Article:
Subject(s)
Biological Products , Crohn Disease , Abdominal Pain , Antibodies, Monoclonal , Biological Products/therapeutic use , Crohn Disease/drug therapy , Humans , Induction Chemotherapy
3.
Lancet ; 399(10341): 2113-2128, 2022 06 04.
Article in English | MEDLINE | ID: covidwho-1878425

ABSTRACT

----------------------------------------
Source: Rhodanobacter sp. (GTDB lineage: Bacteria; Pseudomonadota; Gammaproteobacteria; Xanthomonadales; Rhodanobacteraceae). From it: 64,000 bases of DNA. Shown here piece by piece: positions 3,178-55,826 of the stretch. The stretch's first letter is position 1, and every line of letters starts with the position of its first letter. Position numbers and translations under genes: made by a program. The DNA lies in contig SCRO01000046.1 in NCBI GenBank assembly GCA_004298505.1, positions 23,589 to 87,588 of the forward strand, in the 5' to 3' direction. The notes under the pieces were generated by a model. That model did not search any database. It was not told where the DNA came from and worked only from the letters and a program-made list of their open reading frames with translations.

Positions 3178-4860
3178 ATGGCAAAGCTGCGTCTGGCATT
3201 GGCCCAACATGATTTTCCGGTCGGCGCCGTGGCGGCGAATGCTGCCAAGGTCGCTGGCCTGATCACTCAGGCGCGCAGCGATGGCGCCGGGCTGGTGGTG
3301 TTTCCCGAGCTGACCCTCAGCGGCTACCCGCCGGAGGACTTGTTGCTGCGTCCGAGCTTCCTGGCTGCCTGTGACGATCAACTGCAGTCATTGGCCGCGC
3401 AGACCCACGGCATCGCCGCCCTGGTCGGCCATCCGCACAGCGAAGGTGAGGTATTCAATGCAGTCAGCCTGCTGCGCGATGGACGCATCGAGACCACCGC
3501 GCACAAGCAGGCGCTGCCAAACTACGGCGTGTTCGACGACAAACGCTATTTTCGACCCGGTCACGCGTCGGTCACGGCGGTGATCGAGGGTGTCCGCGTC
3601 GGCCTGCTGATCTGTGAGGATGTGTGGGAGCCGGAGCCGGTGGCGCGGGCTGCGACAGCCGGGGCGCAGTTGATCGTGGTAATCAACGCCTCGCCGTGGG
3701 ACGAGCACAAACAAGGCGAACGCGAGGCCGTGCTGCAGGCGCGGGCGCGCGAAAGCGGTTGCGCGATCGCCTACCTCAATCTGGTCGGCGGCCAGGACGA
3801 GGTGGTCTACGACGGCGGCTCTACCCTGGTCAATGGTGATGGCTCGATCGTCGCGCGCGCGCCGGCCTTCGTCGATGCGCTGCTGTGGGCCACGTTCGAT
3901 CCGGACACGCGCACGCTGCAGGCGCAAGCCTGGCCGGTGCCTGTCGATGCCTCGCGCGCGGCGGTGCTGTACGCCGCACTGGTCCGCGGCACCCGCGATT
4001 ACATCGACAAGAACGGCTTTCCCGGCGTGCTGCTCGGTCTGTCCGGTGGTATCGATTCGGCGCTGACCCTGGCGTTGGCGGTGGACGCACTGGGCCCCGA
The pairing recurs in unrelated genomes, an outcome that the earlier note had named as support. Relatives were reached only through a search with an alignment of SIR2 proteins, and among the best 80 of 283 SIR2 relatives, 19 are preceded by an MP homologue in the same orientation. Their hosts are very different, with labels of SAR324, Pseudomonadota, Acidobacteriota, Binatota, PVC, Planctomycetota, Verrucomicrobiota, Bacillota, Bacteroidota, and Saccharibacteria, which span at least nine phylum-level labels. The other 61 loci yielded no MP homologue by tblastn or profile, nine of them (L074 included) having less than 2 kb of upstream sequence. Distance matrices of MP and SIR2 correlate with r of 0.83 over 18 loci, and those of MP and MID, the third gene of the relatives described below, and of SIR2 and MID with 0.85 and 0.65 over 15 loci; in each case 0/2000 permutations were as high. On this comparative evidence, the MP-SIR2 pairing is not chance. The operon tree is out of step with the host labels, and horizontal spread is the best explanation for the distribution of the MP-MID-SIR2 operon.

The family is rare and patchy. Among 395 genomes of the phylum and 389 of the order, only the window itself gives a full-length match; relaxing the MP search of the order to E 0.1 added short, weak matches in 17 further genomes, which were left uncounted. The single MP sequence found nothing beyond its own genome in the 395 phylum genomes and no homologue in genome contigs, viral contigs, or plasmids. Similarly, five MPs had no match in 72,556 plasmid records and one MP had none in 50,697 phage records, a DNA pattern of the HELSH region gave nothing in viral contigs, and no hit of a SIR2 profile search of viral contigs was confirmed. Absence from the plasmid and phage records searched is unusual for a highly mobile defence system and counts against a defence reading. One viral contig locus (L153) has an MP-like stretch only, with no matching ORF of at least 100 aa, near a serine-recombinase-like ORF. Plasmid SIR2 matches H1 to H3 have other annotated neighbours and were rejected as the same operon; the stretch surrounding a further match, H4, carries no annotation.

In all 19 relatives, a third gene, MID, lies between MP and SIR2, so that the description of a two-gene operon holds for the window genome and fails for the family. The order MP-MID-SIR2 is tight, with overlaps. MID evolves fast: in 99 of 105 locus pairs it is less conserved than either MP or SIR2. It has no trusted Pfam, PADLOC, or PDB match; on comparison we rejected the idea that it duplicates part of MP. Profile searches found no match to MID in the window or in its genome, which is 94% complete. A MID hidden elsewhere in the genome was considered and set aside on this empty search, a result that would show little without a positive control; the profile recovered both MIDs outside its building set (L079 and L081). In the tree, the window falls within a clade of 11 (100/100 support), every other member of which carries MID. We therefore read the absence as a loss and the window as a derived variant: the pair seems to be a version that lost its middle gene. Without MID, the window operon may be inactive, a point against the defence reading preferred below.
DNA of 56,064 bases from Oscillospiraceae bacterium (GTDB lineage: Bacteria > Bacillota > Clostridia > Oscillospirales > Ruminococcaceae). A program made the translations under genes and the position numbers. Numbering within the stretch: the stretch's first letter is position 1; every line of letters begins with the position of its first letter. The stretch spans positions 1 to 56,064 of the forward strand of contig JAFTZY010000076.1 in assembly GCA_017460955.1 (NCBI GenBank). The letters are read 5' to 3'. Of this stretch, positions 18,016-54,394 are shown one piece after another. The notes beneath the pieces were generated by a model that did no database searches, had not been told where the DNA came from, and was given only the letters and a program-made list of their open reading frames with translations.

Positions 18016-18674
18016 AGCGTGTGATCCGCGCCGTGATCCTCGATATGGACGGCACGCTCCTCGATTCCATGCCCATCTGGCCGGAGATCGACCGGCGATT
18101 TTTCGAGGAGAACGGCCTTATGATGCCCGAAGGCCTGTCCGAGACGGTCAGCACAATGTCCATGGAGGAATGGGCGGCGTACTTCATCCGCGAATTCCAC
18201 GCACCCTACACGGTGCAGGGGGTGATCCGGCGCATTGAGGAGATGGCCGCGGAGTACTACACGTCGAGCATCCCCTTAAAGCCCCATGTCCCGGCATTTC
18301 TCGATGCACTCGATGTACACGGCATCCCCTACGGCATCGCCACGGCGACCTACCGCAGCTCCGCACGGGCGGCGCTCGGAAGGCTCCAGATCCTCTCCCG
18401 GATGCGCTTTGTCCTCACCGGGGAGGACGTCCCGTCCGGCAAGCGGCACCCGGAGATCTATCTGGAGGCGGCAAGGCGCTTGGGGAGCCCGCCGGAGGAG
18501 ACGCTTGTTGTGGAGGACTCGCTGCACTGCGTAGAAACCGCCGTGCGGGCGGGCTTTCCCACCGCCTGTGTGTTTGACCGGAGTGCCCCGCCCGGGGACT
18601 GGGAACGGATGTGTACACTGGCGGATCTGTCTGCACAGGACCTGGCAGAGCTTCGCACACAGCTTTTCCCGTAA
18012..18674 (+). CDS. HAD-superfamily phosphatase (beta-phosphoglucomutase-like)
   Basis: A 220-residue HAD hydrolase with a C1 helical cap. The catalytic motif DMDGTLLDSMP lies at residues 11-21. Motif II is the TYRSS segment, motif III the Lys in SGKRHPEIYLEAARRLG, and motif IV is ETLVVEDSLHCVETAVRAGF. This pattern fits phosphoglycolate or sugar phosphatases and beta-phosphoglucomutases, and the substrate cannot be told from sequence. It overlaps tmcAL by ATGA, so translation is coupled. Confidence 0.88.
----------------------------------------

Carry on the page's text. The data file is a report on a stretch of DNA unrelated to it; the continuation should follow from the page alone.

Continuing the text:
BACKGROUND: There is a great unmet need for advanced therapies that provide rapid, robust, and sustained disease control for patients with ulcerative colitis. We assessed the efficacy and safety of upadacitinib, an oral selective Janus kinase 1 inhibitor, as induction and maintenance therapy in patients with moderately to severely active ulcerative colitis. METHODS: This phase 3, multicentre, randomised, double-blind, placebo-controlled clinical programme consisted of two replicate induction studies (U-ACHIEVE induction [UC1] and U-ACCOMPLISH [UC2]) and a single maintenance study (U-ACHIEVE maintenance [UC3]). The studies were conducted across Europe, North and South America, Australasia, Africa, and the Asia-Pacific region at 199 clinical centres in 39 countries (UC1), 204 clinical centres in 40 countries (UC2), and 195 clinical centres in 35 countries (UC3). Patients aged 16-75 years with moderately to severely active ulcerative colitis (Adapted Mayo score 5-9; endoscopic subscore 2 or 3) for at least 90 days were randomly assigned (2:1) to oral upadacitinib 45 mg once daily or placebo for 8 weeks (induction studies). Patients who achieved clinical response following 8-week upadacitinib induction were re-randomly assigned (1:1:1) to upadacitinib 15 mg, upadacitinib 30 mg, or placebo for 52 weeks (maintenance study). All patients were randomly assigned using web-based interactive response technology. The primary endpoints were clinical remission per Adapted Mayo score at week 8 (induction) and week 52 (maintenance). The efficacy analyses in the two induction studies were based on the intent-to-treat population, which included all randomised patients who received at least one dose of treatment. In the maintenance study, the primary efficacy analyses reported in this manuscript were based on the first 450 (planned) clinical responders to 8-week induction therapy with upadacitinib 45 mg once daily. The safety analysis population in the induction studies consisted of all randomised patients who received at least one dose of treatment; in the maintenance study, this population included all patients who received at least one dose of treatment as part of the primary analysis population. These studies are registered at ClinicalTrials.gov, NCT02819635 (U-ACHIEVE) and NCT03653026 (U-ACCOMPLISH). FINDINGS: Between Oct 23, 2018, and Sept 7, 2020, 474 patients were randomly assigned to upadacitinib 45 mg once daily (n=319) or placebo (n=155) in UC1. Between Dec 6, 2018, and Jan 14, 2021, 522 patients were randomly assigned to upadacitinib 45 mg once daily (n=345) or placebo (n=177) in UC2. In UC3, a total of 451 patients (21 from the phase 2b study, 278 from UC1, and 152 from UC2) who achieved a clinical response after 8 weeks of upadacitinib induction treatment were randomly assigned again to upadacitinib 15 mg (n=148), upadacitinib 30 mg (n=154), and placebo (n=149) in the primary analysis population. Statistically significantly more patients achieved clinical remission with upadacitinib 45 mg (83 [26%] of 319 patients in UC1 and 114 [34%] of 341 patients in UC2) than in the placebo group (seven [5%] of 154 patients in UC1 and seven [4%] of 174 patients; p<0·0001; adjusted treatment difference 21·6% [95% CI 15·8-27·4] for UC1 and 29·0% [23·2-34·7] for UC2). In the maintenance study, clinical remission was achieved by statistically significantly more patients receiving upadacitinib (15 mg 63 [42%] of 148; 30 mg 80 [52%] of 154) than those receiving placebo (18 [12%] of 149; p<0·0001; adjusted treatment difference 30·7% [21·7-39·8] for upadacitinib 15 mg vs placebo and 39·0% [29·7-48·2] for upadacitinib 30 mg vs placebo). The most commonly reported adverse events in UC1 were nasopharyngitis (15 [5%] of 319 in the upadacitinib 45 mg group vs six [4%] of 155 in the placebo group), creatine phosphokinase elevation (15 [4%] vs three [2%]), and acne (15 [5%] vs one [1%]). In UC2, the most frequently reported adverse event was acne (24 [7%] of 344 in the upadacitinib 45 mg group vs three [2%] of 177 in the placebo group). In both induction studies, serious adverse events and adverse events leading to discontinuation of treatment were less frequent in the upadacitinib 45 mg group than in the placebo group (serious adverse events eight [3%] vs nine (6%) in UC1 and 11 [3%] vs eight [5%] in UC2; adverse events leading to discontinuation six [2%] vs 14 [9%] in UC1 and six [2%] vs nine [5%] in UC2). In UC3, the most frequently reported adverse events (≥5%) were worsening of ulcerative colitis (19 [13%] of 148 in the upadacitinib 15 mg group vs 11 [7%] of 154 in the upadacitinib 30 mg group vs 45 [30%] of 149 in the placebo group), nasopharyngitis (18 [12%] vs 22 [14%] vs 15 [10%]), creatine phosphokinase elevation (nine [6%] vs 13 [8%] vs three [2%]), arthralgia (nine [6%] vs five [3%] vs 15 [10%]), and upper respiratory tract infection (seven [5%] vs nine [6%] vs six [4%]). The proportion of serious adverse events (ten [7%] vs nine [6%] vs 19 [13%]) and adverse events leading to discontinuation (six [4%] vs ten [6%] vs 17 [11%]) was lower in both upadacitinib groups than in the placebo group. Events of cancer, adjudicated major adverse cardiac events, or venous thromboembolism were reported infrequently. There were no treatment-related deaths. INTERPRETATION: Upadacitinib demonstrated a positive efficacy and safety profile and could be an effective treatment option for patients with moderately to severely active ulcerative colitis. FUNDING: AbbVie.